By MALCOLM M. DEVORE Partner, Los Angles Office
Presented before the Southern States Accounting
Conference, Oklahoma City — June 1959
WHENEVER I undertake to write a paper on a technical accounting
subject, I inevitably conclude that we must be a very young profession, for we do seem to have so many unanswered problems.
Yet, I suppose one could equally support the proposition that an awareness of unanswered problems is really a sign of increasing maturity, for without maturity of some degree we would be unable to recognize our problems.
In any event, I am certain that we do have problems. And in the field of auditing, our Committee on Auditing Procedure of the American Institute exists to give us help with our problems. This is the function of that Committee and this is why they periodically issue their Statements on Auditing Procedures.
Statement No. 28, entitled Special Reports, is one such statement
and it is the particular one which is now to occupy our attention.
Since we are in the field of reports, I suggest we start our present consideration with audit reports as they existed when I started in the practice of public accounting about thirty years ago. This is a good starting point, not because it coincides with my entry into the profession, but because it was just prior to some significant changes in the accounting profession, and particularly in our reporting practices.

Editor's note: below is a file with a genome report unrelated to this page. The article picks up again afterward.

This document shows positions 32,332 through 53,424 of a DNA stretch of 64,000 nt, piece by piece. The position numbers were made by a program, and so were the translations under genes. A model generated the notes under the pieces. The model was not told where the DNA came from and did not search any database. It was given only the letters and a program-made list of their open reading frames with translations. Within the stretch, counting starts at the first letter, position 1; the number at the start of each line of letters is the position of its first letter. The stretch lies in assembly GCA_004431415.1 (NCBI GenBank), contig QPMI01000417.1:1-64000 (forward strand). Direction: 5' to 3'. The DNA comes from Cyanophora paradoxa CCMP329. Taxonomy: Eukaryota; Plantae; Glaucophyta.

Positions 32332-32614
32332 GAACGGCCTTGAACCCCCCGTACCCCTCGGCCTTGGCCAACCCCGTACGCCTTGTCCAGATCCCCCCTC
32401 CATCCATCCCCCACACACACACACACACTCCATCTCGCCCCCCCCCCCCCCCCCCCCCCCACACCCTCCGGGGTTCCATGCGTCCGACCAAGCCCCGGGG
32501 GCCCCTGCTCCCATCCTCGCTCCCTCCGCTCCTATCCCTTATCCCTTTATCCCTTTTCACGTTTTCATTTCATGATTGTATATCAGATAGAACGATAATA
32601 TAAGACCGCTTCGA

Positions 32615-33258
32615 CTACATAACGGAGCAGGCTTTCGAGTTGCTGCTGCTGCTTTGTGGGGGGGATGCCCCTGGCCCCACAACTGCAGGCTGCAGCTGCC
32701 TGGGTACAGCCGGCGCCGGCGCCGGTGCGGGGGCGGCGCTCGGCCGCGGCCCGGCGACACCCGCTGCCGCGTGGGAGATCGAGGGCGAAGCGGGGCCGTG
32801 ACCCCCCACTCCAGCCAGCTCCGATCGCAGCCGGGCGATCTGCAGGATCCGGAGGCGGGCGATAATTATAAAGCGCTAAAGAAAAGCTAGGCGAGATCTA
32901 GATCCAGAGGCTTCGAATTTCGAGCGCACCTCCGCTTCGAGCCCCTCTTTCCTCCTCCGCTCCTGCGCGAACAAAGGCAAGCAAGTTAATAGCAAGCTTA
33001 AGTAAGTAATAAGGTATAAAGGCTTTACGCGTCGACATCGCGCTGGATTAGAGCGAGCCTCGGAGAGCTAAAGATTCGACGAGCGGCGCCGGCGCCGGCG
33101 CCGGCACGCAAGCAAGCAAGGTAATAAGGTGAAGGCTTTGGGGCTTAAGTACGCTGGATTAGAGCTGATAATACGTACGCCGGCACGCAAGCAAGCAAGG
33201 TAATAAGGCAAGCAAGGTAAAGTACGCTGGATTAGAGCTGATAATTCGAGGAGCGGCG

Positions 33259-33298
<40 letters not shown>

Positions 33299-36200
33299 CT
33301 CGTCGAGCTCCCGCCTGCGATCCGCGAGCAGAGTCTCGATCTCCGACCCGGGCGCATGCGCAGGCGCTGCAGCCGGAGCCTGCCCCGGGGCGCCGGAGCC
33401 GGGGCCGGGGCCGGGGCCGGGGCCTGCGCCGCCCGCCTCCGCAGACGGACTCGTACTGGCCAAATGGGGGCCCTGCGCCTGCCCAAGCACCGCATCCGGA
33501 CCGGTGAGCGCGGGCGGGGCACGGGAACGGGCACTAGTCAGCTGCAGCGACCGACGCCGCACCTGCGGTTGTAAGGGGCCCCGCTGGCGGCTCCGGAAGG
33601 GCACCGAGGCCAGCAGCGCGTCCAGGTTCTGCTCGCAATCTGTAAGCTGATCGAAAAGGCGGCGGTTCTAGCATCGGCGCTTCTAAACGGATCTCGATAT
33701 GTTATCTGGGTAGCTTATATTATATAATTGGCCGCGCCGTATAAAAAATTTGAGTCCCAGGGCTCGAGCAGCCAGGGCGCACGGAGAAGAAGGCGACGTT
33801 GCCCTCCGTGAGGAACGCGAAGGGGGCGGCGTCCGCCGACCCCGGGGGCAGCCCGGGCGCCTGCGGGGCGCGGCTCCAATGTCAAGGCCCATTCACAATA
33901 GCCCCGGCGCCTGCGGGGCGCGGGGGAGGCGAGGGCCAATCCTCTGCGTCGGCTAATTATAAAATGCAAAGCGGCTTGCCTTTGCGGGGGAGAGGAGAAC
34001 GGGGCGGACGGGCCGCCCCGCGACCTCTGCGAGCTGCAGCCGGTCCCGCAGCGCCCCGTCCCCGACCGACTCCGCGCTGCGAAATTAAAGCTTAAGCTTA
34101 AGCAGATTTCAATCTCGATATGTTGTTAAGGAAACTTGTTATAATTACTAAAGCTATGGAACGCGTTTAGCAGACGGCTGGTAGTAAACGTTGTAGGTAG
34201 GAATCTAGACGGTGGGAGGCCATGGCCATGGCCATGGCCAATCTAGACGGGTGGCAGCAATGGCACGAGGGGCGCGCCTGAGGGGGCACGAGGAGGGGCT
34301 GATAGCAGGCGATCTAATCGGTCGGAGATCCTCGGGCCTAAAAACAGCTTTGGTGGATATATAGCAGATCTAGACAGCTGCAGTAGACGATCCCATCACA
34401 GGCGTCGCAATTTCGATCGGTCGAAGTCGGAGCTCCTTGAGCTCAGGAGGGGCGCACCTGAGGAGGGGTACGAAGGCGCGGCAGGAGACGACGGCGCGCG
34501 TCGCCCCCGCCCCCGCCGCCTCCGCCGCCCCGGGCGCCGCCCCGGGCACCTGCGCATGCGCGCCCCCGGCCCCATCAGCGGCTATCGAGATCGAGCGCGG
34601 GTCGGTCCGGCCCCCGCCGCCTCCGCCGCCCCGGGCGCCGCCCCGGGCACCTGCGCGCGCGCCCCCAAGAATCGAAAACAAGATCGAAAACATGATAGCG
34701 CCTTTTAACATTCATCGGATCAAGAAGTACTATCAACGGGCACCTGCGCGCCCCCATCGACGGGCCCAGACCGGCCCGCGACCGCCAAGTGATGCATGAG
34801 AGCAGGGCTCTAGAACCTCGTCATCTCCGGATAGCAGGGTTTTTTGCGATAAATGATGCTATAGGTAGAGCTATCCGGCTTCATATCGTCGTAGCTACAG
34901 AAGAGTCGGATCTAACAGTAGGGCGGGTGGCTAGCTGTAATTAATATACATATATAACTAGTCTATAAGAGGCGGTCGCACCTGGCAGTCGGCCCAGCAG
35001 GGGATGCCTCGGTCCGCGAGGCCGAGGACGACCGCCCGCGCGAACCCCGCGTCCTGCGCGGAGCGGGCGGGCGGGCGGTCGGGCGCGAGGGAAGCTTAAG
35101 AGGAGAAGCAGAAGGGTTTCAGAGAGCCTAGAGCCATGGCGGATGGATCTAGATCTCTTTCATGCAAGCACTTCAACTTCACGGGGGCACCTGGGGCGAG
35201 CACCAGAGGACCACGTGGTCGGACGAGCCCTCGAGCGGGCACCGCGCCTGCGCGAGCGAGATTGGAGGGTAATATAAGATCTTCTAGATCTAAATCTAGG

Consider, if you will, a typical opinion (I should say certificate because that's what we called it then and that's what it said it was) as of the year 1929:
We have examined the accounts of the XYZ Company for the year ended December 31, 1929 and hereby certify that the annexed balance sheet and statement of income and profit and loss are in accordance therewith.
We further certify that said statements, in our opinion, present a true and correct view of the financial condition of the Company at December
31, 1929, and the results of its operations for the year then ended.
To those interested in antiques, viewed from hindsight, this certificate
is a little gem. Please note that the auditors—